Friday, July 23, 2010

Privet is Hashing My Mellow

Chinese privet in full bloom
Photo courtesy: James H. Miller,
USDA Forest Service,

Chinese privet ligustrum sinese is a category one pest plant in Georgia according to the Georgia Exotic Pest Plant Council. Also known as common privet, it is an “exotic plant that is a serious problem in Georgia natural areas by extensively invading native plant communities and displacing native species.” In fact, it has been on the exotic pest plant lists for Florida and Tennessee Councils and the Council that covers the whole Southeast for more than ten years.
Yet we see it everywhere forming neatly trimmed hedges and privacy screens for homeowners and eagerly sold in nurseries. What then is so terrible about this evergreen shrub or small tree with small leaves and insignificant flowers? It seems like it would be a useful tool for a landscape architect’s inventory, right?
Looks pretty innocent when it sprouts
Photo courtesy: James H. Miller,
USDA Forest Service,
Here is the problem. First Chinese privet is a prolific bloomer. In late spring each plant produces a few hundred thousand flowers. All of those little flowers turn into viable seeds which are spread by wind, birds and insects. To further compound the problem, these seeds don’t need any special conditions to germinate, so most of them sprout. Before you know it you have privet volunteering everywhere – not just in tended gardens, but it parks and forest preserves. Because it is evergreen, the privet persists year round so the acorn that falls next to the mighty Oak tree Quercus L. can’t get enough sun to sprout. That means when the oak finally dies of old age, there won’t be a sapling ready to leap into the sun and take its place. Neither will there be wonderful understory trees like Dogwoods Cornus L. and Redbuds Cersis L., or delightful spring ephemerals like trillium Trillium L. and bloodroot Sanguinaria L. Chinese privet, originally introduced to this country as an ornamental in the 1850s will inherit the earth.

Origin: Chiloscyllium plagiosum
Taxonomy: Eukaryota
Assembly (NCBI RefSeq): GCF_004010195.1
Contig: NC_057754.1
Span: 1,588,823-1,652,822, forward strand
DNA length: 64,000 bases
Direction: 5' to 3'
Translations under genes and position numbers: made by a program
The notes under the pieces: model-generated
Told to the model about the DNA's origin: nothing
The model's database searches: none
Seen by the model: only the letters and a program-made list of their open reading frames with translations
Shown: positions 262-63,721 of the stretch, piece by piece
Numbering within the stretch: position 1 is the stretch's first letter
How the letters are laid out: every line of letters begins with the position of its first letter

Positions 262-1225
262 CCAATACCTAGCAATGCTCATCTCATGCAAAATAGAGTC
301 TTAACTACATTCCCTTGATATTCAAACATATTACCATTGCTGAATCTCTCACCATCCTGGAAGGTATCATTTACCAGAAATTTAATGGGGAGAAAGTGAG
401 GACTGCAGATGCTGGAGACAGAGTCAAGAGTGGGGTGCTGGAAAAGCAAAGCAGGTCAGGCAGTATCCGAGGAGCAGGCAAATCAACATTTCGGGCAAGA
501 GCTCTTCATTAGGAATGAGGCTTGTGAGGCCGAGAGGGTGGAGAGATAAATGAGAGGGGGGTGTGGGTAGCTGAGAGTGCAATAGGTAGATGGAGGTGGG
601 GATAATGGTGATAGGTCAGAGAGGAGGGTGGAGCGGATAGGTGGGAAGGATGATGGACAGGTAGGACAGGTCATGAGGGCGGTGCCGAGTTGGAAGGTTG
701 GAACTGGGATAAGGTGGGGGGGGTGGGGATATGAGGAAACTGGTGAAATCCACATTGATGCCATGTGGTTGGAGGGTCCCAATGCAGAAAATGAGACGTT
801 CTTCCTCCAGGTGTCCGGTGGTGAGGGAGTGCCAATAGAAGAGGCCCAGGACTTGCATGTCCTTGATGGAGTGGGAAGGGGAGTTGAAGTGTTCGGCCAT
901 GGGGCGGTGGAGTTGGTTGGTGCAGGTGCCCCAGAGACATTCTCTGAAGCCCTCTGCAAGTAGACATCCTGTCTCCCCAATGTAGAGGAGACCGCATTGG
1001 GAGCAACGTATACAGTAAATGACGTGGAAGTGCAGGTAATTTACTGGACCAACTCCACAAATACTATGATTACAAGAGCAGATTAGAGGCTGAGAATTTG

Now I’ve known about privet for years. In fact, when we bought this home this aggressive pest had nearly overtaken my back garden. I invested too many hours to count chopping it down and digging it out. I’ve also volunteered at local parks and natural areas for “privet pulls” to yank out seedlings before they could get a good start. So why am I in such a twit about it today? No real reason except that I apparently have a neighbor who didn’t get the memo. As a result, I haven’t walked out into the garden once this spring and summer without finding another little privet sprig that has popped up since yesterday. What is the message? Next time you are tempted to plant some privet, think again and go for a Florida hobblebush Agarista populifolia instead. It's prettier, and it's native.
Also known as Leucothoe, Agarista populifolia in bloom
Photo courtesy: Joseph LaForest,
University of Georgia,